by Robert A. Kaiser
The “Okinawan Superman”, Shinjo Kiyohide (Nov 3, 1951) was awarded the rank of Judan, 10th degree, presented by 10th dan Master Takara Shintoku. Master Shinjo received this promotion on his 70th birthday.
There are few Uechi-Ryu teachers ever awarded this highest of ranks in our system and certainly few, if any, who have done more to promote Uechi Ryu around the world. One only needs to open YouTube and search his name or search through Facebook to see the plethora of videos and articles highlighting his seminars, demonstrations, and travels promoting traditional Uechi training.
Apart from the Uechi family itself, no Okinawan family could be called Uechi Ryu royalty other than the well-known Shinjo family. The current generation is led by Shinjo Kiyohide, the 9-time champion of the Uechi karate tournament in both kata and kumite, for which he was dubbed the “Okinawan Superman.”. Internet sources say he stopped competing when his father became gravely ill and died in 1982. I remember hearing, many years ago, the reason he stopped competing was so others could have an opportunity to win the tournament; such is the respect for his skills and abilities. Well, that and the ubiquitous demonstrations he and his younger brother, Narahiro, often put on, including the spectacular breaking of baseball bats, and the hardest of Sanchin shime of Narahiro who, in his own right, is a tournament kata champion many times over.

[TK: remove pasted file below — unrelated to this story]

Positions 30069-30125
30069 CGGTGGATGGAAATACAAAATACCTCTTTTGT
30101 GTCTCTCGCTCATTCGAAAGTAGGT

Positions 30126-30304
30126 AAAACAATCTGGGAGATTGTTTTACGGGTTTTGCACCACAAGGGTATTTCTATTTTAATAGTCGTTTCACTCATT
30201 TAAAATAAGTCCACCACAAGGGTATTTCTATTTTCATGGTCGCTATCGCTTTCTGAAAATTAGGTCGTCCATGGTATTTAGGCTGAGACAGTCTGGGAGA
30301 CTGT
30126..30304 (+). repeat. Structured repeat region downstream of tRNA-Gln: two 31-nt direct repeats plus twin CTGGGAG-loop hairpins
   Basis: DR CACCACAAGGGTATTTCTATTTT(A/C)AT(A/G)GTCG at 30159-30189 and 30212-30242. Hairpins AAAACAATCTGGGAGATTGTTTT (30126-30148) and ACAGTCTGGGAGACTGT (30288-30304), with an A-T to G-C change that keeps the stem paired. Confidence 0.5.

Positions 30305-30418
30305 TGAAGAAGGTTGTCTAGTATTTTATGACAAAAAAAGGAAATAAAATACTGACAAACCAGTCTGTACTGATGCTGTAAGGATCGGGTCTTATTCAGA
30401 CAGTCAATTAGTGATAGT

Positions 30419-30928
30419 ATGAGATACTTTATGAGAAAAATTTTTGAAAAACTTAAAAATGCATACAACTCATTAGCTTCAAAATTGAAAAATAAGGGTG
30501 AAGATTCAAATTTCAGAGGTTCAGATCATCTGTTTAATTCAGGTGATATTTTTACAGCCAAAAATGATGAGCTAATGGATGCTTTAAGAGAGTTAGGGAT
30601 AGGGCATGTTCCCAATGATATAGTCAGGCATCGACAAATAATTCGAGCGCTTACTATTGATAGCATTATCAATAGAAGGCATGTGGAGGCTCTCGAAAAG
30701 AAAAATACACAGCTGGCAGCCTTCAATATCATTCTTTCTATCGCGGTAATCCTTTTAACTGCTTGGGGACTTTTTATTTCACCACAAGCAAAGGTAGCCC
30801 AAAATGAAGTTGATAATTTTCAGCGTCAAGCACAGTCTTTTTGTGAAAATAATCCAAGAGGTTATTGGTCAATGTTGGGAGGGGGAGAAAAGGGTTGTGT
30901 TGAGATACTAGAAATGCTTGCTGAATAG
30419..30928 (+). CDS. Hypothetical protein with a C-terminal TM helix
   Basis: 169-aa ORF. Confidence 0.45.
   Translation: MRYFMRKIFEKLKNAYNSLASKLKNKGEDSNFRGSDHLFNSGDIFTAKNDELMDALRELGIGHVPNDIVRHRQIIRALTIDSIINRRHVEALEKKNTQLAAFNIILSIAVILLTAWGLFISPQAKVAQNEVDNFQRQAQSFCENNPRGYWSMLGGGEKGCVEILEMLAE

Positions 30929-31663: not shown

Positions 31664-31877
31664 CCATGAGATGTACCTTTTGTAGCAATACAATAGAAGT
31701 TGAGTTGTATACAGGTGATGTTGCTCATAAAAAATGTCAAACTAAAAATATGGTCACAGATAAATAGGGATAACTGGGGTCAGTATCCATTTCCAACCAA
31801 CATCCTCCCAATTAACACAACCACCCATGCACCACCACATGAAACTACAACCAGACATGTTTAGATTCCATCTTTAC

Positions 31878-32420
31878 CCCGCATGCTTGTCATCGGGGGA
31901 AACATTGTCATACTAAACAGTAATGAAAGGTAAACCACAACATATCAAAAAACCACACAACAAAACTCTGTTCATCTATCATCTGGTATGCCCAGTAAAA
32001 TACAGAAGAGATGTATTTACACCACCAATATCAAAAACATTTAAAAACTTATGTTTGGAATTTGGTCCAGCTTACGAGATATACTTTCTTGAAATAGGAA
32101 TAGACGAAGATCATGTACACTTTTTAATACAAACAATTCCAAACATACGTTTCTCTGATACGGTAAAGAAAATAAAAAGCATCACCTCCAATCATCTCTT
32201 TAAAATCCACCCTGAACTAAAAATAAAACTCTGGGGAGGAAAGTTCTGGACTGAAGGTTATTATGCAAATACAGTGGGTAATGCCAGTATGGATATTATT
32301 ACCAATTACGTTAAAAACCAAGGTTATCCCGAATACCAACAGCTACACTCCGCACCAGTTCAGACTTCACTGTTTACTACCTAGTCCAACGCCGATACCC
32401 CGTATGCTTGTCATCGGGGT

Author Christopher M. Clarke writes as far back as Kiyohide’s great grandfather, Shinjo Seizan, the Shinjo name is associated with Okinawan martial arts. Seizan was widely known as a master of the Okinawan bo. Kiyohide’s grandfather and father both studied with Uechi Kanbun, and Uechi Kanei. Born in 1951, Kiyohide began his study of Uechi Ryu under his father, Shinjo Seiyu, at the age of ten.
In an article by travel67, first published in Okinawa Living Magazine November 2006, Master Shinjo made it very clear how he sees his role in the global expansion of Uechi-Ryu:
“Twice a year I go abroad to give seminars, judge competitions and check that overseas Uechi-ryu dojo’s [sic] are not diverging from the traditional Okinawan techniques. Karate is like a gayjumaru (banyan) tree with its roots based in Okinawa. Sometimes branches grow from the main trunk and it is my job to prune these outgrowths back so that Uechi-ryu remains in its pure form and is not mixed with other styles of martial arts or even gymnastics. It is my calling to make sure the traditional skills of Uechi-ryu are handed down to future generations.”
Having the honor, more than once, of training in front of Master Shinjo, I can easily say he is one of the clearest and most focused teachers with whom I have been on the dojo floor. There is so much more that can be written, and has been, about the Shinjo family and specifically about Kiyohide Sensei. Soon we will be reading about the 4th generation of the Shinjo family, Kiyohide’s two sons, Shuichi and Kiyohito, both tournament champions during their high school years and now senior Uechi instructors.
Today, however, we really just want to congratulate the Okinawan Superman on his promotion to 10th dan, a promotion of which he is most deserving. Congratulations Master Shinjo!